I better get these notes out of my head before I forget them since it took me hours in the lab to figure it out. It seems like I’m not the only one and based on Social Forum discussions I can read there’s a lot of confusion. This is my part to make it somewhat clearer and yes, it almost made me cry figuring it out too…
Consider the following scenario: All your users are in forest corp.local and running Exchange 2010. AutoDiscover is properly configure so that users can start Outlook 2010 both internally and externally and get their profile automatically created? (BTW, here’s my post on how to make first-time-run Outlook really silent).
Now, your company decides to split and 4000 users need to get out both AD and Exchange. That’s where you come in. You setup a new remote.local AD forest and migrate (using ADMT or QMM) over all users and groups. Then the computers and last servers but you decide to leave Exchange 2010 migration for last because you got your hands full – you say: “they can still access their mailbox because of SIDHistory and we can’t cope to re-configure all ActiveSync devices right now which has CORP\username configure”. And I don’t blame you, that’s how we did it back in Exchange 2003 🙂
So you think it works, users can access their e-mail, but a few days (hours?) down the road, Outlook 2007+ user complain they can’t see Free/Busy information nor set Out-Of-Office reply, but it works in OWA. And top of that, AutoDiscover doesn’t work properly – the user has to manually enter their name, e-mail address and password (but sure, when they hit Next> it works, but still not as it should be:
You start googling (hopefully you get here first to save you some headache)…
AutoDiscover working in cross-forest migrations
You probably read about Export-AutoDiscoverConfig so you set:
$a = Get-Credential and set an admin in REMOTE\
Export-AutoDiscoverConfig -DomainController DC1.corp.local -TargetForestDomainController DC1.remote.local -TargetForestCredential $a -MultipleExchangeDeployments $false
Great, that creates an SCP record in AD (BTW, once you’re done you delete this using Export-AutoDiscoverConfig cmdlet and parameter -DeleteConfig $true). Where it’s yellow is where you should find the source domain, here that is corp.local.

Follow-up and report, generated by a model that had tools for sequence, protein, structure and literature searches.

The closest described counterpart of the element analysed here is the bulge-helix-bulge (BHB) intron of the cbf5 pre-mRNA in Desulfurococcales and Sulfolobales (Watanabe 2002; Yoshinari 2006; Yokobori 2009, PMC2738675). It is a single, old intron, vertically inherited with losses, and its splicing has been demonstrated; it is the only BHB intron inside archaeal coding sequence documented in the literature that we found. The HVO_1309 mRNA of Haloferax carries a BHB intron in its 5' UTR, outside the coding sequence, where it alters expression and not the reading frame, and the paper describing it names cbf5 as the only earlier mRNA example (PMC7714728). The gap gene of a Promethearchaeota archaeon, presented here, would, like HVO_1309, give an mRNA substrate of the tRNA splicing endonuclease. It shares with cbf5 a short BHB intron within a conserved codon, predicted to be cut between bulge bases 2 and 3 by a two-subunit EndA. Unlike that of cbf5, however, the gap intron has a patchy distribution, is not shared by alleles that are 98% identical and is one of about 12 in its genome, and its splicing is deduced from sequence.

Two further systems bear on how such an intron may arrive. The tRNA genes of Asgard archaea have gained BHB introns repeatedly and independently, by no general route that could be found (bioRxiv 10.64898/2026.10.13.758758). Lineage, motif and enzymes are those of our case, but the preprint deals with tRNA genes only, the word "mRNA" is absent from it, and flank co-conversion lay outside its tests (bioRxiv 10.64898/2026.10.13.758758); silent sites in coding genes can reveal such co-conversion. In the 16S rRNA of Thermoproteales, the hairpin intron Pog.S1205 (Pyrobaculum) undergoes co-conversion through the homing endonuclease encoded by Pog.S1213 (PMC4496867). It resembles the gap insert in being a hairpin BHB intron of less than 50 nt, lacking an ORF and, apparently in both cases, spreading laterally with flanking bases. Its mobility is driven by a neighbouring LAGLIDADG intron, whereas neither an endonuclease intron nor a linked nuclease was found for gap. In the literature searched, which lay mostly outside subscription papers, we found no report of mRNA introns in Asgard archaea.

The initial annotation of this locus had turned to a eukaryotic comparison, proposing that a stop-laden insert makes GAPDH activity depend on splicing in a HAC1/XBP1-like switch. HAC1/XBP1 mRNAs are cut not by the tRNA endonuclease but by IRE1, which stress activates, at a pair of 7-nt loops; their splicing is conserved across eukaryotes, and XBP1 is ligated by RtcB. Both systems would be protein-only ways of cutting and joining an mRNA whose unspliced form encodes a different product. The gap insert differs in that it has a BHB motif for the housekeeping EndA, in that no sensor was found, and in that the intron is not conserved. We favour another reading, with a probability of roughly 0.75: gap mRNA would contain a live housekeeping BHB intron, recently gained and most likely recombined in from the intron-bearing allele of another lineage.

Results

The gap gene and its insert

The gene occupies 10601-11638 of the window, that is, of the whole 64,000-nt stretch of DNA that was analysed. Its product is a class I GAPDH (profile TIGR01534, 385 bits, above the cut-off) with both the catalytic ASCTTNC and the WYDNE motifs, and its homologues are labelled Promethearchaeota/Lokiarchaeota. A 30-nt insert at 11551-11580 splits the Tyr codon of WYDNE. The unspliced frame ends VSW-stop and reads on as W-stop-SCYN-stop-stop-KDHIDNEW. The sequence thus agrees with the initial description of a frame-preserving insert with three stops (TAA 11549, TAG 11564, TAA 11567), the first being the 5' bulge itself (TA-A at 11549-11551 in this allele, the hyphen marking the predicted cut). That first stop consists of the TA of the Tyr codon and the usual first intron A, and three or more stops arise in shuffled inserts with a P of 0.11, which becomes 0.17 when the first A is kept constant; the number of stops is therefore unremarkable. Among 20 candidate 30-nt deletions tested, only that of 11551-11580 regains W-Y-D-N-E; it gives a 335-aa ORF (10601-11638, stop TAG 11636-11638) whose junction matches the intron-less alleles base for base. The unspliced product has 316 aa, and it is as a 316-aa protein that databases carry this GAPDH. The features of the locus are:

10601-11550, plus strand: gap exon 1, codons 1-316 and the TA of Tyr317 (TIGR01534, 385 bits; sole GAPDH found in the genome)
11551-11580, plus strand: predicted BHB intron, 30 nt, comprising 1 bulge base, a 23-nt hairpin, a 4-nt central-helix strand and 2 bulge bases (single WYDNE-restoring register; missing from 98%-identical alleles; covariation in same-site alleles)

But AutoDiscover still doesn’t work? Well, the first thing Outlook does when it starts is to check for the user’s e-mail address and that is the mail attribute and without that it can’t auto configure Outlook. Microsoft’s documentation seem to miss that small but important detail?!
One may ask how you should get the 4000 e-mail addresses from the source to the destination forest? Well, that’s for another post but I would suggest looking into ADModify.NET or use your Powershell skills. So now you should have AutoDiscover working. Next, it’s time to get…
Free/Busy and OOF (Out-Of-Office) working in cross forest migrations
I suppose you just migrated the user over and did nothing to the mailbox? Well, it turns out you have to convert the standard mailbox to a Linked Mailbox. Yes, that is true. Even though they can access their mailbox, you still have to convert it to a Linked Mailbox to get Free/Busy and OOF working – otherwise you will get:
- When checking Free/Busy it says No information.
- When trying to set OOF you get an error message: Your Out of Office settings cannot be displayed, because the server is currently unavailable. Try again later .
Here’s how to convert a mailbox to a Linked Mailbox. Some caveats before you go ahead and convert thousands of mailboxes:
- Don’t read the comment in the above article and use Set-User instead. As told to me by MS Support:
First, when you do it the Microsoft way, the source user is Disabled. It will work to disable it manually BUT I want to stress that things might break. Consider that you link an enabled user A to his counterpart in the account forest. Then another user gives some kind of permission on a PF, calendar or mailbox level on user A.This action will take the wrong SID and will not apply the correct permission on the MasterAccountSid (which is the linked user). This is because the user A is still enabled.
- Since the user in source forest is disabled, this means they no longer can login with the source CORP\ but have to use REMOTE\. That also goes for ActiveSync devices. Sure, many organizations use UPN (which in fact is their e-mail address) to login, but I’ve seen many customers where they either don’t or can’t use UPN.
Now, these are just my findings in my lab… So please comment if you think it works differently!